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I'm trying to compute the Chern-class of the bundle $$\gamma = \{(c,\ell): c \in \ell \} \subseteq \mathbb{C}^2 \times \mathbb{C}P^1$$ over $\mathbb{C}P^1$. I'm running into a problem defining an affine connection on this bundle.

Any tips? So far I've tried to use the bundle $\mathbb{C}^2 \times \mathbb{C}P^1$. I don't see a natural way to take a derivative of a section of this bundle over $\mathbb{C}P^1$.

And yes, this computation is easy via topological argument, but I'm interested in the Chern-Weil computation.

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$\newcommand{\dd}{\partial}\newcommand{\Cpx}{\mathbf{C}}\newcommand{\Proj}{\mathbf{P}}$The total space of the tautological bundle is contained in the rank two trivial bundle $\Cpx\Proj^{1} \times \Cpx^{2}$, and the standard Hermitian structure on $\Cpx^{2}$ induces an Hermitian metric $h$ in $\gamma$, given in an affine chart by $$ h(z) = 1 + |z|^{2}, $$ the magnitude-squared of the local holomorphic section $(z, 1)$.

The Chern connection form is $$ \dd \log h = \frac{\bar{z}\, dz}{1 + |z|^{2}}, $$ and the curvature, which represents $2\pi c_{1}(\gamma)$, is $$ -i\, \dd \bar{\dd} \log h = -i\frac{dz \wedge d\bar{z}}{(1 + |z|^{2})^{2}}. $$ Integrating over the (dense) affine chart $\Cpx$ in polar coordinates shows the total curvature is $-2\pi$, which shows $c_{1}(\gamma)$ is the negative generator of second cohomology.

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  • $\begingroup$ Sorry, I'm not that familiar with complex geometry. Could you clarify a few things? So I'm happy with the Hermetian metric $h$ on $\gamma$. That is in the fiber over $[z:1]$ $h$ is just the standard inner product in $\mathbb{C}^2$ on points on the line through $(z,1)$. But how does this give us a (real) connection for the bundle? I'm unfamiliar with connections on general vector bundles, and I don't know how to construct one from that. I'm assuming some sort of metric compatibility? $\endgroup$ Dec 3, 2016 at 4:34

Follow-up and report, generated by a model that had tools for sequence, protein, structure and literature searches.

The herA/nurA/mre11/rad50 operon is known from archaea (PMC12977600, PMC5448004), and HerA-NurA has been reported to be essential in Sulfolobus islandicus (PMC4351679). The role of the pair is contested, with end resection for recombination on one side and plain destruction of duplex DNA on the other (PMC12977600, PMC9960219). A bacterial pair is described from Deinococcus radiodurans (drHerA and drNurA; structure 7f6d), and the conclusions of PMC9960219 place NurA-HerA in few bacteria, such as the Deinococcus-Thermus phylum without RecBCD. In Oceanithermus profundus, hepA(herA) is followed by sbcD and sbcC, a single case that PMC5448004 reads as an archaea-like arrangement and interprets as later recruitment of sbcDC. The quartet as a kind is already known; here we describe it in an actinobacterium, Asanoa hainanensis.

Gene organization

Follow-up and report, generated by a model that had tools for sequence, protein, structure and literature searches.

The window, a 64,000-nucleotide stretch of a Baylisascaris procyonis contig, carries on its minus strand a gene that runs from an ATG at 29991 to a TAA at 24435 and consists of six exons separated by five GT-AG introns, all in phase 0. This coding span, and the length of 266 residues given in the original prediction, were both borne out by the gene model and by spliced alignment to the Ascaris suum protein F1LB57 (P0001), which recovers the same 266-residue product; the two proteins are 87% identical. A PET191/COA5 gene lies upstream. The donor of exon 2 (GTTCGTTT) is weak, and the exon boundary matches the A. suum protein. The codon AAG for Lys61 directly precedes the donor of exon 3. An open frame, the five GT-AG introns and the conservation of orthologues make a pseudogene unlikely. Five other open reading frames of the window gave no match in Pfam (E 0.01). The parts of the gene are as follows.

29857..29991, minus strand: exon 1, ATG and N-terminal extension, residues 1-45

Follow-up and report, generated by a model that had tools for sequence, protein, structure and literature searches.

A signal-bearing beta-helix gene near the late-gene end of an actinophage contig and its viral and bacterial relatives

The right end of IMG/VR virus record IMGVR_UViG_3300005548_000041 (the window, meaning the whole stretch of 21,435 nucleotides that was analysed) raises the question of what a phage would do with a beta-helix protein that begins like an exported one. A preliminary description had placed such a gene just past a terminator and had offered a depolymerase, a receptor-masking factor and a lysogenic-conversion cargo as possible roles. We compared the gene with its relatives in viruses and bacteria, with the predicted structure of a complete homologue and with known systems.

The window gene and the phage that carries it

• $\begingroup$ You're exactly right: An Hermitian metric in a holomorphic vector bundle has a unique compatible connection. In a holomorphic line bundle, an Hermitian metric is (effectively) a smooth, positive, real-valued function $h$ in each local chart; the associated connection form is $\theta = h^{-1}\, \dd h = \dd \log h$, and the curvature form is$$\Theta = i\, \bar{\dd}\theta = -i\, \dd \bar{\dd} \log h.$$ $\endgroup$ Dec 3, 2016 at 11:41
  • $\begingroup$ Thanks for the help. Managed to calculate the class of $T\mathbb{C}P^1$ due to your help. Still working on this bundle though, and I have one last question. In terms of real sections, the metric $g$ should be given as $(h+\overline{h})/2$. Which should give $g = (1+x^2+y^2) (dx^2 +dy^2)$. But then $\omega g + g \omega = dg$, so I get $\omega_{1}^1 = \omega_{2}^2 = d(1+x^2+y^2) / (1+x^2+y^2) = d(\log 1+x^2+y^2)$. Then $\Omega = d \omega + \omega \wedge \omega = 0$... So I'm finding the curvature form to be $0$. Any tips? $\endgroup$ Dec 5, 2016 at 8:57
  • $\begingroup$ Offhand, your strategy looks all right. I'd focus first on the $\omega \wedge \omega$ term, since wedging matrix-valued forms is a place where terms can easily appear to cancel when they don't. If that doesn't help, maybe add your calculation to your question? $\endgroup$ Dec 5, 2016 at 10:55

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